Ann’s public service work includes serving as Co-Chair of the Federal Circuit Bar Association PTO Pro Bono Committee, as well as serving on the Southern Center For Human Rights board, and the boards of TurningPoint Breast Cancer Rehabilitation and the Women in Technology Foundation.
Ann Fort, a member of Sutherland’s Intellectual Property Practice Group, protects the intellectual property rights of clients in the U.S. …
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Method of Presentation:
On-demand Webcast (CLE)
NASBA Field of Study:
Specialized Knowledge and Applications
NY Category of CLE Credit:
Areas of Professional Practice
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About Fox Rothschild LLP
Fox Rothschild LLP is a full-service national law firm that serves the needs of business and individuals. Over the past century, Fox has grown to more than 600 attorneys who practice in more than 50 practice areas in 20 offices from coast to coast. Our clients come to us because we understand their issues, their priorities and the way they think. We help clients manage risk and make better decisions by offering practical advice and innovative solutions. What sets Fox apart is our understanding of clients' situations and industries, as well as their need for practical and cost-effective advice. At Fox, we are as committed to your success as you are. Fox is experienced in patent litigation and e-discovery, diligently representing patentees and accused infringers in patent infringement cases and helping them balance full e-discovery compliance with proportionality and cost-effectiveness.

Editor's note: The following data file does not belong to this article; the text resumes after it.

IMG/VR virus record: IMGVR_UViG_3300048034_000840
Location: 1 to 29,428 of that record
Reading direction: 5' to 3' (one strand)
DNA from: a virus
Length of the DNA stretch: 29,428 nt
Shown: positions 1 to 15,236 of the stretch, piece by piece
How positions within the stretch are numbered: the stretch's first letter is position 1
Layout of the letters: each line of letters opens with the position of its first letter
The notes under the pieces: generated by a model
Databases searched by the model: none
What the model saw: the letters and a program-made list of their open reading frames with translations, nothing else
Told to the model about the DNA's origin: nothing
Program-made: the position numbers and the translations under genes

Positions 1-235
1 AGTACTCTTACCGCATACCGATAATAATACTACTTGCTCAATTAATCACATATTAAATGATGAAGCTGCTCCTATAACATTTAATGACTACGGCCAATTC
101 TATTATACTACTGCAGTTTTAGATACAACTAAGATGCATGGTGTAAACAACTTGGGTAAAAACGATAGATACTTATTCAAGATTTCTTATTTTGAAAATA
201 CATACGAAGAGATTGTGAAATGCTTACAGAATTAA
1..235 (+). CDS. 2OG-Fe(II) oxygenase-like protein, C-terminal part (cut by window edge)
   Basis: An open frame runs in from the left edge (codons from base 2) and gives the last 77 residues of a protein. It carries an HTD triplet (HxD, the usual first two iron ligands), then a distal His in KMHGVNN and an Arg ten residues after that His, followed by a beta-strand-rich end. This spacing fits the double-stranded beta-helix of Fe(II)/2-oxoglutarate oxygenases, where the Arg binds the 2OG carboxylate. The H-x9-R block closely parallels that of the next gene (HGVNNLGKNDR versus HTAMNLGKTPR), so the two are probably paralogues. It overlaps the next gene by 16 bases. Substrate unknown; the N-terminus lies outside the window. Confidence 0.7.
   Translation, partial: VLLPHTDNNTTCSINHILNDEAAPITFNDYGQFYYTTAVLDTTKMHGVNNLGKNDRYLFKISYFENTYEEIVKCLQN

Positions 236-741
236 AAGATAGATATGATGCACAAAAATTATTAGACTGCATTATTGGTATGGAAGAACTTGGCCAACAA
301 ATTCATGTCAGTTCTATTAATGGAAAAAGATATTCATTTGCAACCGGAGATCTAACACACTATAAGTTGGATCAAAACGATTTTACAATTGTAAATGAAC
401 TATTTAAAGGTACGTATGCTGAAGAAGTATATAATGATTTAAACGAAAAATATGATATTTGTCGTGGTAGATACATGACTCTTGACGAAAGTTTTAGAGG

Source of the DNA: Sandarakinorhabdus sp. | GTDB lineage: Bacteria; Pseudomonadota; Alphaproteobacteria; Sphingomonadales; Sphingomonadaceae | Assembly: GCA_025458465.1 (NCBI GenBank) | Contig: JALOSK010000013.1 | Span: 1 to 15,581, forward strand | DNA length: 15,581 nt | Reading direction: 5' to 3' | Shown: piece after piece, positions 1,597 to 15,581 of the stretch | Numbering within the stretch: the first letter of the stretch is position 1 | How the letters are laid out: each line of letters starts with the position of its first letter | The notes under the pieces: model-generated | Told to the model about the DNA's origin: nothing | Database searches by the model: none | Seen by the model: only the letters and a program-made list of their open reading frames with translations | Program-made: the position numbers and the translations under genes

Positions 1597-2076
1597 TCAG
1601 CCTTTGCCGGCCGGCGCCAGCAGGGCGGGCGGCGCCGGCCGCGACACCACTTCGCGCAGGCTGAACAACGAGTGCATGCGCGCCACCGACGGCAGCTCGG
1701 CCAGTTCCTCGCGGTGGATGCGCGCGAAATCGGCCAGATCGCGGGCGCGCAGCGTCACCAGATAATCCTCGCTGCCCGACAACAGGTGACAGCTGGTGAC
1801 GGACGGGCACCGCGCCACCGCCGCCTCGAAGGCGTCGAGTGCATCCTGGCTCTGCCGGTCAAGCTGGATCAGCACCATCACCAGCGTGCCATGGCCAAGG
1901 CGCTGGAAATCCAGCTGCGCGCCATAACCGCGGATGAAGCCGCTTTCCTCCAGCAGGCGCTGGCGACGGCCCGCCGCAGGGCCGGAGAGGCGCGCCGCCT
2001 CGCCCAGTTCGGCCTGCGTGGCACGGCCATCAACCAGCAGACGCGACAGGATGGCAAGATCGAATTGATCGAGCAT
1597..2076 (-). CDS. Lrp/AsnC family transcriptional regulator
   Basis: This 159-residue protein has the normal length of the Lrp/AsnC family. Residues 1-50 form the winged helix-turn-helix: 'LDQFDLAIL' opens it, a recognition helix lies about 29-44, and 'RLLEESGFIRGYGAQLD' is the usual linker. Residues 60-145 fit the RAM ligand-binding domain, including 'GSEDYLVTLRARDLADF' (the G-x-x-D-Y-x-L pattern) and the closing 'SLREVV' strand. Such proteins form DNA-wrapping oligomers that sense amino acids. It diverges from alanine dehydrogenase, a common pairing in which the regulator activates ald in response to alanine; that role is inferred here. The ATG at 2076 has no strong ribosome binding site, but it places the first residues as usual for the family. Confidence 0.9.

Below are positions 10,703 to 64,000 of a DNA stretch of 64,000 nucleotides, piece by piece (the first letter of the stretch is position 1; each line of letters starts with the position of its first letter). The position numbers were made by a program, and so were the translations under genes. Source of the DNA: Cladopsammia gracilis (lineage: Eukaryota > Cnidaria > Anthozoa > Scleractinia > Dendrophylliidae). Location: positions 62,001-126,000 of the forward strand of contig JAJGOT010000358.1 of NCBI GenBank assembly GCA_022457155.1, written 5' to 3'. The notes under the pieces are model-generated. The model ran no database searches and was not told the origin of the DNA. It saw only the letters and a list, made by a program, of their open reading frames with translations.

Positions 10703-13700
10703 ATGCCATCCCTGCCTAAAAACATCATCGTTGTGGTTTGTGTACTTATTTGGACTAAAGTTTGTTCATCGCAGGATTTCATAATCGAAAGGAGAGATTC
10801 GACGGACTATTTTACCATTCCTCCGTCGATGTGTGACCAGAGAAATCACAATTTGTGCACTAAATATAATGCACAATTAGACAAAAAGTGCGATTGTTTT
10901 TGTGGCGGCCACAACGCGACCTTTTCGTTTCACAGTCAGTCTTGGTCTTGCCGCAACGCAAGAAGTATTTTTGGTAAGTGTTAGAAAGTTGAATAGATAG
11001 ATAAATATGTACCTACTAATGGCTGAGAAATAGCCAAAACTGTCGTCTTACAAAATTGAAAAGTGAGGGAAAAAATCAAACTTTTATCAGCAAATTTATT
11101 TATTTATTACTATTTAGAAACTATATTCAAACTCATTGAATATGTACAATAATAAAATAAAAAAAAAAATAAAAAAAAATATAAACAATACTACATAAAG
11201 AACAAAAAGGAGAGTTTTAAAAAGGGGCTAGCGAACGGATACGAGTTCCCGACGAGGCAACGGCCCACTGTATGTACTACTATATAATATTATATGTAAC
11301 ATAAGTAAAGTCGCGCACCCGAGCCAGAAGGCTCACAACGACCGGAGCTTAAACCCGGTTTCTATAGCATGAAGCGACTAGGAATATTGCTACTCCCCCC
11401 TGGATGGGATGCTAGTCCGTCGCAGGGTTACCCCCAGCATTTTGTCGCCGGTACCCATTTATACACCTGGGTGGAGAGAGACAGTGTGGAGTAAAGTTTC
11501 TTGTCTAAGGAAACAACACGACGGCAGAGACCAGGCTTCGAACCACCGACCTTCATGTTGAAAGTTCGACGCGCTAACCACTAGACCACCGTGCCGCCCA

About Sutherland Asbill & Brennan LLP
Sutherland is an international legal service provider composed of associated legal practices that are separate entities, doing business in the U.S. as Sutherland Asbill & Brennan LLP and as Arbis Sutherland LLP in London and Geneva. More than 435 lawyers help the world’s largest companies, industry leaders, sector innovators and business entrepreneurs solve their biggest challenges and reach their business goals. Seven major practice areas—corporate, energy and environmental, financial services, intellectual property, litigation, real estate and tax—provide the framework for an extensive range of focus areas.